Faster energy permitting gains traction in US debt-limit talks
President Joe Biden and House Speaker Kevin McCarthy are scheduled to meet with other congressional leaders on Friday.
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An agreement on speeding permits for energy projects is emerging as a key potential component in any deal to avert a US default, lawmakers and officials familiar with talks on the debt limit impasse say.
Aides working behind the scenes to identify potential areas of compromise already have zeroed in on changes to permitting rules that would expedite production of fossil fuels, a priority for Republicans and some Democrats, and clean energy, a progressive priority.
President Joe Biden and House Speaker Kevin McCarthy are scheduled to meet again with other congressional leaders Friday, with a threat of default looming as soon as June 1.
Republican Representative Garret Graves, a key adviser to McCarthy in the negotiations, said chances are “better than 50/50” that a deal will include some agreement on an energy permitting overhaul.
The staff talks are also focusing on clawing back unspent Covid-19 funds and capping spending in the upcoming federal fiscal year beginning October 1, the Louisiana lawmaker said. The White House wants a short-term caps deal, while Republicans want to cap discretionary spending for 10 years, he added.
Meanwhile, the White House so far has indicated it isn’t willing to consider repealing clean energy subsides and tax enforcement increases from last year’s Inflation Reduction Act.
Republicans and Democrats have put forward competing proposals for changes to permitting rules, but there is overlap between them and a strong push from business lobbyists, led by the US Chamber of Commerce.
Graves, one of the architects of the House debt ceiling bill, said a Republican plan on energy permitting was included in the bill in the hopes that it would be a catalyst for forging compromise. He cited comments Biden Climate Envoy John Kerry made last year about the need to speed clean energy projects.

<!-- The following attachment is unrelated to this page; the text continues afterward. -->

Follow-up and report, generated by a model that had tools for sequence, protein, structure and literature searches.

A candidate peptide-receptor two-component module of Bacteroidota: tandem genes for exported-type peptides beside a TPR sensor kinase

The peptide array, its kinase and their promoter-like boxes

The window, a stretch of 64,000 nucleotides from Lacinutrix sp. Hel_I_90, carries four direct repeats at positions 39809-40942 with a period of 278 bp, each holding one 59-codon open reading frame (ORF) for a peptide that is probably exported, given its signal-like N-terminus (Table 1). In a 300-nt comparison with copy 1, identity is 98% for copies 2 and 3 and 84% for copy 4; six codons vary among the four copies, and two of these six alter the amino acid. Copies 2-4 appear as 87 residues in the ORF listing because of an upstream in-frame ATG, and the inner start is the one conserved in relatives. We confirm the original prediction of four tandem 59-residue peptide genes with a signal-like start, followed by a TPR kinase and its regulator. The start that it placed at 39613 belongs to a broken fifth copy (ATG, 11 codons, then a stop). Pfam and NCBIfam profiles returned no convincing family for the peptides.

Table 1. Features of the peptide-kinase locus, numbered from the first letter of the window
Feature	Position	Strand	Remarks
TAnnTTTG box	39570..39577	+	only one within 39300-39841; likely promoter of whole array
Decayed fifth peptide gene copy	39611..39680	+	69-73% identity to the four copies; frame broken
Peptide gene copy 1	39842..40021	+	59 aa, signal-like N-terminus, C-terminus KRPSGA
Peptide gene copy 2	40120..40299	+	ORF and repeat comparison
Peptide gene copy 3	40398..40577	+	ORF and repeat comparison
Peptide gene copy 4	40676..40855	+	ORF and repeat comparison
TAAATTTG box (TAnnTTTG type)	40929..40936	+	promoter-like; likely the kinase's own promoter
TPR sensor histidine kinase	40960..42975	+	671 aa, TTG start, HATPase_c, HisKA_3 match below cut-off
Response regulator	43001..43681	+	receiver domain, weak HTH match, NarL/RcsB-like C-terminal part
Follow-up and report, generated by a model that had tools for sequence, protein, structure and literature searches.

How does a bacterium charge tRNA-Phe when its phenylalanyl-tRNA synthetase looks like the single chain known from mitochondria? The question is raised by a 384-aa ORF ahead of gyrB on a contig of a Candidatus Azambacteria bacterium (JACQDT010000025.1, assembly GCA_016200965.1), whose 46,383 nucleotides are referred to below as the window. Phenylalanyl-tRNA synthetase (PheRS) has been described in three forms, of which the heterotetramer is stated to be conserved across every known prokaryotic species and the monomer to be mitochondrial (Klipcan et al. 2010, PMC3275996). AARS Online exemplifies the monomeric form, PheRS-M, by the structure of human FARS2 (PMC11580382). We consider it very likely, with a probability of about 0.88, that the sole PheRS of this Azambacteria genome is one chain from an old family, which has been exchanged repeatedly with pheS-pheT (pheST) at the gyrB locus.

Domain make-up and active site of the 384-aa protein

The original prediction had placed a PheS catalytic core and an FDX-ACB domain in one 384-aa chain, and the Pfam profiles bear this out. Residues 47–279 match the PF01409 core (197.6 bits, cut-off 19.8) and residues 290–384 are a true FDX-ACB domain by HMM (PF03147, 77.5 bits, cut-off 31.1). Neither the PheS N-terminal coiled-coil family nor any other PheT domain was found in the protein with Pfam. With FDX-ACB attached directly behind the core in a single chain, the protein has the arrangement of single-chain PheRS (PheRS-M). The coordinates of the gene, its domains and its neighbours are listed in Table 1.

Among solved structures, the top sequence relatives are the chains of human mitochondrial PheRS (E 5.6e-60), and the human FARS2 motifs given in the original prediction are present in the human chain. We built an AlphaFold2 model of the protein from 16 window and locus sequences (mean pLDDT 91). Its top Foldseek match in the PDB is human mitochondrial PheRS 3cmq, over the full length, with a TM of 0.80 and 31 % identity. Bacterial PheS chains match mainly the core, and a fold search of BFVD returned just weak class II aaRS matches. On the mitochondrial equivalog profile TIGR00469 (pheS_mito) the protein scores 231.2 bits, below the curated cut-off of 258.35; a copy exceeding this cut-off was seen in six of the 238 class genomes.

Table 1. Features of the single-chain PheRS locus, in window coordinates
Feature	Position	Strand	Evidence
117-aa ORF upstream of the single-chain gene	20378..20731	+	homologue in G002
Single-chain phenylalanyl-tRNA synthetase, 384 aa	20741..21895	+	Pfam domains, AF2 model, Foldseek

“I do think permitting reform is more likely than a number of things that Joe Biden will have to accept,” said South Dakota Republican Dusty Johnson, another architect of the bill said.
The White House is also sending out signals it wants to do a deal. On Wednesday John Podesta, Biden’s senior advisor for clean energy said the permitting processhas been “plagued by delays and bottlenecks.”
“We’ve got to fix this problem now,” Podesta added, noting that the White House supports a proposal with West Virginia Democrat Joe Manchin “with additional reforms.” He also cited areas of common ground with GOP proposals.
Still, Podesta cautioned that the administration opposed tying the debt ceiling to permitting reform, and with Republicans and Democrats far apart so far a deal could remain elusive. The White House has said all budget talks should be technically “separate” from debt ceiling.
Last year Manchin tried to attach a version of permitting reform to a must-pass spending bill, only to face opposition from some progressives and Republicans who wanted more done.
A person familiar with the debt talks said Republicans have a list of objections to the Manchin proposal. They include a lack of clear time lines to issue permits, lack of litigation criteria, and the fact the streamlined process for just 25 projects along with Equitrans Midstream’s Mountain Valley Pipeline is not extended more broadly.
While Republican permitting proposals focus on expediting oil, gas, coal and other fossil fuel projects, Democratic plans seek to hasten approvals for clean energy projects and the build-out of high voltage transmission lines needed to carry the power they produce. There is agreement between the two parties about the need to reduce the overall time it takes projects to clear environmental reviews and other bureaucratic hurdles. In addition, the White House’s proposal seeks to expedite some mining projects through reform of a 150-year-old mining law.
Among the toughest pills to swallow for Democrats would be a weakening of the National Environmental Policy Act, a decades-old environmental law considered sacrosanct by environmentalists.
Many Republicans, meanwhile, have voiced reservations about electricity transmission line reforms they said would give too much power to the independent Federal Energy Regulatory Commission. That includes changes to how the agency allocates the costs of the multi-billion dollar power lines.